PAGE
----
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Jim Kershner’s This day in history » On the Web:

Fri., July 1, 2011

From our archives, 75 years ago

Labor troubles in the region’s lumber mills and timber camps took on a radical tinge.

Regional communist activists sent out a bulletin with “STRIKE” emblazoned across the top, encouraging a strike in “every mill and camp in the Inland Empire.”

The established labor unions, such as the American Federation of Labor, were also talking strike – but this communist salvo didn’t sit well with them.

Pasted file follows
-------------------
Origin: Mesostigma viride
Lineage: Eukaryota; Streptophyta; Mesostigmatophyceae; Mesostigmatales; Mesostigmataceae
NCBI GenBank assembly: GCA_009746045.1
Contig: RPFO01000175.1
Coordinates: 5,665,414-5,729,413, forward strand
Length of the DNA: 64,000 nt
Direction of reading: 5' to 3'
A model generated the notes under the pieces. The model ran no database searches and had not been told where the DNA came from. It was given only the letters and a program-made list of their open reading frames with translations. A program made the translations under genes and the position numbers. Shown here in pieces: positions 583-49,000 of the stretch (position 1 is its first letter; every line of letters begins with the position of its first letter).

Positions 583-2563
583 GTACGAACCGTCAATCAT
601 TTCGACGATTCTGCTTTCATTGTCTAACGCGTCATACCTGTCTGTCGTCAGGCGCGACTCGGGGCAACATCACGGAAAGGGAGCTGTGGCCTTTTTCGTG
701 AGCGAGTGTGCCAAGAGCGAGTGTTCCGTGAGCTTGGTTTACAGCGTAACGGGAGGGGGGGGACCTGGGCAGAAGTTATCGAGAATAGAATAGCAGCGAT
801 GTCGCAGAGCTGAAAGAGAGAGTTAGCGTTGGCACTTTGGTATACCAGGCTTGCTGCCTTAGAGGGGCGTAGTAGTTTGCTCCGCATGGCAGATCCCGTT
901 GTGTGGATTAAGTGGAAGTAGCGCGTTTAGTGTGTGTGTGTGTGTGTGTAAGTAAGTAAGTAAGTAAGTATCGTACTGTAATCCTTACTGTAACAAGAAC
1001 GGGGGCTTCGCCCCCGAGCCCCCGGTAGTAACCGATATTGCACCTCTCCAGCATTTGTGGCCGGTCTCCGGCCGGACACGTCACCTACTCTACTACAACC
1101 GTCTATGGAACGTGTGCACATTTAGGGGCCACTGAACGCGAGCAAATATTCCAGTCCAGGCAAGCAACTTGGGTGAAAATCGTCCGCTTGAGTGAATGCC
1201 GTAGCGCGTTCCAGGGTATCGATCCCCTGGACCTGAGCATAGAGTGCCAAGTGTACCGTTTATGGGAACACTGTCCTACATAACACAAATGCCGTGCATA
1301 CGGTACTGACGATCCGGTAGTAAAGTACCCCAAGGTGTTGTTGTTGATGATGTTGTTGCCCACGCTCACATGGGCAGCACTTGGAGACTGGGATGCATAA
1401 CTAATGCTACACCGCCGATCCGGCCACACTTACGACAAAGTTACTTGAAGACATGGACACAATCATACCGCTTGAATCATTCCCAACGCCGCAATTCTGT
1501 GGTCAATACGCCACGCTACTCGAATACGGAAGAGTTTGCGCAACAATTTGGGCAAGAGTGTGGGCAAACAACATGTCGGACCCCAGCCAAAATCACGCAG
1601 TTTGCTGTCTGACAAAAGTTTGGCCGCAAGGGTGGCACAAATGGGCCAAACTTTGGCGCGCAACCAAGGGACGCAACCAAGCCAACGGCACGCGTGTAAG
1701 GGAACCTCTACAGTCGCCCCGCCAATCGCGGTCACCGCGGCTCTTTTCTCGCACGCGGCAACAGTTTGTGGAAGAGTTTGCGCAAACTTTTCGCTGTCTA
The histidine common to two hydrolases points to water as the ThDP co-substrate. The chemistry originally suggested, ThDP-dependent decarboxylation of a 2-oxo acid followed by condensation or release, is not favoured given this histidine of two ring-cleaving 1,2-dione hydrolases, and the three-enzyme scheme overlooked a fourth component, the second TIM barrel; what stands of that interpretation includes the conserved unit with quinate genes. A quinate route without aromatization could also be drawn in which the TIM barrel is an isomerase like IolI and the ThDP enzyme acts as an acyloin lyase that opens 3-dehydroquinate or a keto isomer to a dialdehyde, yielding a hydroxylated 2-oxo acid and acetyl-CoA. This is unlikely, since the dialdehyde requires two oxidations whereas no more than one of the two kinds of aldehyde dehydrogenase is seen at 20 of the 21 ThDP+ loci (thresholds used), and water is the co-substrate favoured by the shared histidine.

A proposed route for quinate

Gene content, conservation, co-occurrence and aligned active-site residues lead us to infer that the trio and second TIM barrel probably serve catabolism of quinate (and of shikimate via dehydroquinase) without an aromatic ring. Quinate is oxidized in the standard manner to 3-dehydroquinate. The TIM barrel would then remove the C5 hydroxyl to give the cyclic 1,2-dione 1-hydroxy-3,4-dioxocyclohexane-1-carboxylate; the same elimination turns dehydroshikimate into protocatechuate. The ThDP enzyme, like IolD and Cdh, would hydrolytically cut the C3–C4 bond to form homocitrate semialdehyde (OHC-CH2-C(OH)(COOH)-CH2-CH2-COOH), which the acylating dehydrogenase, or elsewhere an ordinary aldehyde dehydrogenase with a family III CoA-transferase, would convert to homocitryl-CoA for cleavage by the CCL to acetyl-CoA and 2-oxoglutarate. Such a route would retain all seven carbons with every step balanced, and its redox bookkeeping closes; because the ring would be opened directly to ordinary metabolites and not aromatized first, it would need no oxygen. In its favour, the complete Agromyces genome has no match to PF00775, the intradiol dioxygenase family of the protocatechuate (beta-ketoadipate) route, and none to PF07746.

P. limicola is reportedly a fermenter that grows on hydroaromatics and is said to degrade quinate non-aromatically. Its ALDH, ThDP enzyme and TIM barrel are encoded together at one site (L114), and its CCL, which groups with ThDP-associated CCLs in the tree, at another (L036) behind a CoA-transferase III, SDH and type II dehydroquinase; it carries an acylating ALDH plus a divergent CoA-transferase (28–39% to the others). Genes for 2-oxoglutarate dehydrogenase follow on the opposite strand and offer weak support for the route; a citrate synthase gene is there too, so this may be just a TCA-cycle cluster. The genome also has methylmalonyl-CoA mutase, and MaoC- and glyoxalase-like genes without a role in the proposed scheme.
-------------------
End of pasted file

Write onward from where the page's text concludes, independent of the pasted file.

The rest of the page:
“If there is a strike, the farther the communists stay away, the better,” said the president of the Spokane Central Labor Council.

Meanwhile, another radical union, the Industrial Workers of the World (IWW, the Wobblies) was initiating strikes in lumber camps all over North Idaho. The local IWW office declared that 2,000 men walked out of camps in the Clearwater and Coeur d’Alene districts, and that the timber industry was “tied up.”

Meanwhile, the owners warned that the industry was still in the grip of the Great Depression and “was by no means prosperous.”

“The union would be making a serious mistake if it called for a strike at this time,” said a lumber company owner.

Also on this date

(From the Associated Press)

1971: Washington became the first state to ban sex discrimination.

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